The farming of wildlife for food may reduce pressures on wild populations, and is increasingly becoming a way to sustain demand in the face of increasing prices of wild-caught individuals. For example, porcupines, snakes, frogs, tigers, and a range of other wildlife species are farmed in Southern China for food and medicine (Abbott and van Kooten 2011). While this has been debated widely as a tool for conservation (e.g., the farming of tigers to reduce poaching), it has not been proposed as a strategy to reduce the public health risks of the wildlife trade. We propose that the farming of wildlife species could reduce the risk of zoonotic disease spillover if similar health and biosecurity measures are applied to farmed wildlife as to livestock. In this scenario, specific known zoonoses are tested for, treated or infected animals removed from a farm’s founder wild-caught stock, resulting in reduced risk of zoonotic pathogen “spillover” to ranchers, traders, or butchers. Biosecurity measures will be critical to reducing risk because the intensive production of species that potentially carry novel zoonotic agents could result in increased pandemic risk. For example, civets have long been farmed in some parts of Africa (Eniang and Daniel 2007; Tolosa and Regassa 2007), and prior to the SARS outbreak in China in 2002, civets were farmed increasingly in China. While the role of civets in the emergence of SARS is not fully understood, it is thought that they may have acted as amplifier hosts, expanding transmission and evolution of a bat-origin SARS-like coronavirus (Wang and Eaton 2007).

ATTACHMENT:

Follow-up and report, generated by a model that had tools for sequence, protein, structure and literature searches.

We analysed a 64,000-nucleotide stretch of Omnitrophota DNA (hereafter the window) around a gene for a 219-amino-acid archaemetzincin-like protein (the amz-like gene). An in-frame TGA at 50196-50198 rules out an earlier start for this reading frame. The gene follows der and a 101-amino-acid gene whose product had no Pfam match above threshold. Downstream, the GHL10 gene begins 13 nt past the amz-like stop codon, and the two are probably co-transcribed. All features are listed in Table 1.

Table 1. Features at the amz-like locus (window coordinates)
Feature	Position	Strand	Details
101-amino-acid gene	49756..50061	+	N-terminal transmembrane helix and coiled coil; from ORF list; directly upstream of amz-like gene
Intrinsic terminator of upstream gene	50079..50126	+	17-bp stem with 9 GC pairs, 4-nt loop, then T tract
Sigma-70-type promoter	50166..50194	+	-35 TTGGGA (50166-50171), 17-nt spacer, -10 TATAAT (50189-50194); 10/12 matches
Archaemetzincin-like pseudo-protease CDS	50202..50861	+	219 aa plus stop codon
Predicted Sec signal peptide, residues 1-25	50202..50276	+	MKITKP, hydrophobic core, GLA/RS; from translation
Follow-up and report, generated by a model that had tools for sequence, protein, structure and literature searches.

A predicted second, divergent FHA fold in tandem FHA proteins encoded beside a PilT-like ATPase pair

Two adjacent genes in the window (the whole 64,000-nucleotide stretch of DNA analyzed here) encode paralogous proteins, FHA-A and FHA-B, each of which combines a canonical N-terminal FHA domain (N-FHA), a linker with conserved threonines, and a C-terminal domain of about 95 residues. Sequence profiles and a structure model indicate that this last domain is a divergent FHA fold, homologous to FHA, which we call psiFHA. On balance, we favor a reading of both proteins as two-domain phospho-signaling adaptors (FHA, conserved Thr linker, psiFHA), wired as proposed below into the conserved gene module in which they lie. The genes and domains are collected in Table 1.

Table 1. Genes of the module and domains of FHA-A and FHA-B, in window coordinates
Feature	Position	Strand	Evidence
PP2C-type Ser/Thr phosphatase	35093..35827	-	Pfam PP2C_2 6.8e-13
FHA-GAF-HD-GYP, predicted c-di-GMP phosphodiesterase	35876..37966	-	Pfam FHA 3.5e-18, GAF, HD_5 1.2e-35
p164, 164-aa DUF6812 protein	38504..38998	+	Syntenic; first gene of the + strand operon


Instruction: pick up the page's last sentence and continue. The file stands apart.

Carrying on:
Wildlife ranching (typically lower density, semi-free ranging stock) may provide a more suitable production option in areas where more conventional and higher intensity animal production is not supported. For example, regions with tsetse fly infestations affect cattle production through high morbidity and mortality burden from trypanosomiasis; while wildlife appear to carry infection, they are not highly susceptible to it (Steverding 2008). In theory, wildlife ranching may provide a contained environment where disease may be controlled through adoption of effective biosecurity measures. For example, Zambia’s wildlife ranching is subject to inspection of animals or meat by veterinarians prior to sale (Lindsey et al. 2013). However, the sensitivity of this approach in detecting disease risks is not known; visual inspections by veterinarians may not recognize all illness in animals, especially asymptomatic infections that wildlife may be carrying, and viral pathogens are often not evident in meat without laboratory screening. Challenges around traceability in the market chain also introduce risk if free-ranging and ranched animals cannot be distinguished.